Editorial

A half-done reform: On LPG subsidy

The aim should be to sustainably lower the price of cooking gas

The government has informed Parliament about its decision to completely do away with the subsidy offered to cooking gas used for household purposes. In an order issued in May this year, public sector oil companies were authorised to incrementally hike the “effective price” of LPG cylinders until the entire subsidy is wiped off by March next year, the Union Minister for Petroleum and Natural Gas, Dharmendra Pradhan, told Parliament. Interestingly, political pressure from Opposition parties following the announcement forced the Minister a day later to argue that the government is merely “rationalising”, rather than cutting, the subsidy. But the initial announcement left very little to interpretation. Previously, in July last year, the oil companies were given the green signal to increase the effective price of subsidised cylinders by ₹2 a month. So the latest order to increase the effective price by ₹4 a month, but with the clearly stated aim of eventually doing away with subsidies completely, signifies a more aggressive pursuit of the policy of cutting the fuel subsidy. It should be noted that the fall in global crude oil prices, which has reduced the price difference between subsidised and non-subsidised cooking gas in the local market, has already eased the burden on the government. In the latest Union budget, the government allocated about ₹25,000 crore towards oil subsidy, which is a fourth of the total oil subsidy bill (of almost ₹1 lakh crore) incurred in fiscal year 2013.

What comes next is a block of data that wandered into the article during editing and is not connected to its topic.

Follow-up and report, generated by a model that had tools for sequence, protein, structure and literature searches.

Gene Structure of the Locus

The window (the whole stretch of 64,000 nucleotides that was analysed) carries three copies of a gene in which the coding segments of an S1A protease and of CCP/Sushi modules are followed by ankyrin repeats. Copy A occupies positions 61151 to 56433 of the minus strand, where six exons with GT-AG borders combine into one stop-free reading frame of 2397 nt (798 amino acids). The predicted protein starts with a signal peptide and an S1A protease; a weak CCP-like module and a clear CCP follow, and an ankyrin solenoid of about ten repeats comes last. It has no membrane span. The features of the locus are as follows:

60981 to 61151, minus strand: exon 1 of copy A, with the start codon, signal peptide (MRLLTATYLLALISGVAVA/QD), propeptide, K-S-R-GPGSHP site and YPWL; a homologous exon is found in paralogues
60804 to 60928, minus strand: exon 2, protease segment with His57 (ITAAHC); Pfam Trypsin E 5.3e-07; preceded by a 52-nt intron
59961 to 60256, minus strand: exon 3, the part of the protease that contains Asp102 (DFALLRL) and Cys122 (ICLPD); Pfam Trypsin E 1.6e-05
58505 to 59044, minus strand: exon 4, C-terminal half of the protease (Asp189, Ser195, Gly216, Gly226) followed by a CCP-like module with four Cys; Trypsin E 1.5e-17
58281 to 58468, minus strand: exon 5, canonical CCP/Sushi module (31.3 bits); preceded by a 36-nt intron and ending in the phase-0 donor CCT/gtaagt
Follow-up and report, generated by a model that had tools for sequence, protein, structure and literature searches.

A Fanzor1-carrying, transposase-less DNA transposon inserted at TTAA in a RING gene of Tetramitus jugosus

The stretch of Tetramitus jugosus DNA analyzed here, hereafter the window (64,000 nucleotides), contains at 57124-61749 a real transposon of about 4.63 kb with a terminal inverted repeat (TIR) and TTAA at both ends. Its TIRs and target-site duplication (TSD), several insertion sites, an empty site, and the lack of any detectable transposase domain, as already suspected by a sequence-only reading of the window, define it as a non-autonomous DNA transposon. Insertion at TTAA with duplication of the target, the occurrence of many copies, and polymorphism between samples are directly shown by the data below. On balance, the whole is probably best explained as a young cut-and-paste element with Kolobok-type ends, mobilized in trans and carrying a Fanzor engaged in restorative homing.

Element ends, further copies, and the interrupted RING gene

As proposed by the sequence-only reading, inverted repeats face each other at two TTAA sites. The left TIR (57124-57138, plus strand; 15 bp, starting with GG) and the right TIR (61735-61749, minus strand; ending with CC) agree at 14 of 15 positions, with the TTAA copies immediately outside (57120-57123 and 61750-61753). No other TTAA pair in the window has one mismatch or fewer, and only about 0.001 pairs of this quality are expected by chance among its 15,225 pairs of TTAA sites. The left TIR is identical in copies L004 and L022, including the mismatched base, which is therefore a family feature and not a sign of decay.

The cut in subsidy would further strengthen fiscal discipline. The implementation of the direct transfer of cash benefits in the last few years has already helped in the better targeting of subsidies to the poor, thus substantially reducing wasteful spending. The fall in oil prices over the same period may have led the government to believe that this may be the right time to withdraw the cooking gas subsidy without causing too much pain to consumers. It is estimated that about 18 crore people, many of them below the poverty line, depend on subsidised gas cylinders. It would therefore be difficult to argue that a complete abolition of subsidy will not adversely affect them. In fact, it will not be surprising if the government steps in to foot the bill if oil prices rise in the future, as it probably should to ease the pain. Much depends on how the government makes use of the current spell of relatively low oil prices. The foremost aim should be to sustainably lower the price of cooking gas once and for all, getting the government out of the business of managing subsidies. In the long run, this is the only way to ease the burden on consumers and also free the budget from the pressure of international oil prices. Deregulating the market for cooking gas, thus opening it up to more widespread market competition, would also help.

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Printable version | Feb 23, 2020 4:24:28 PM | https://www.thehindu.com/opinion/editorial/a-half-done-reform/article19421388.ece

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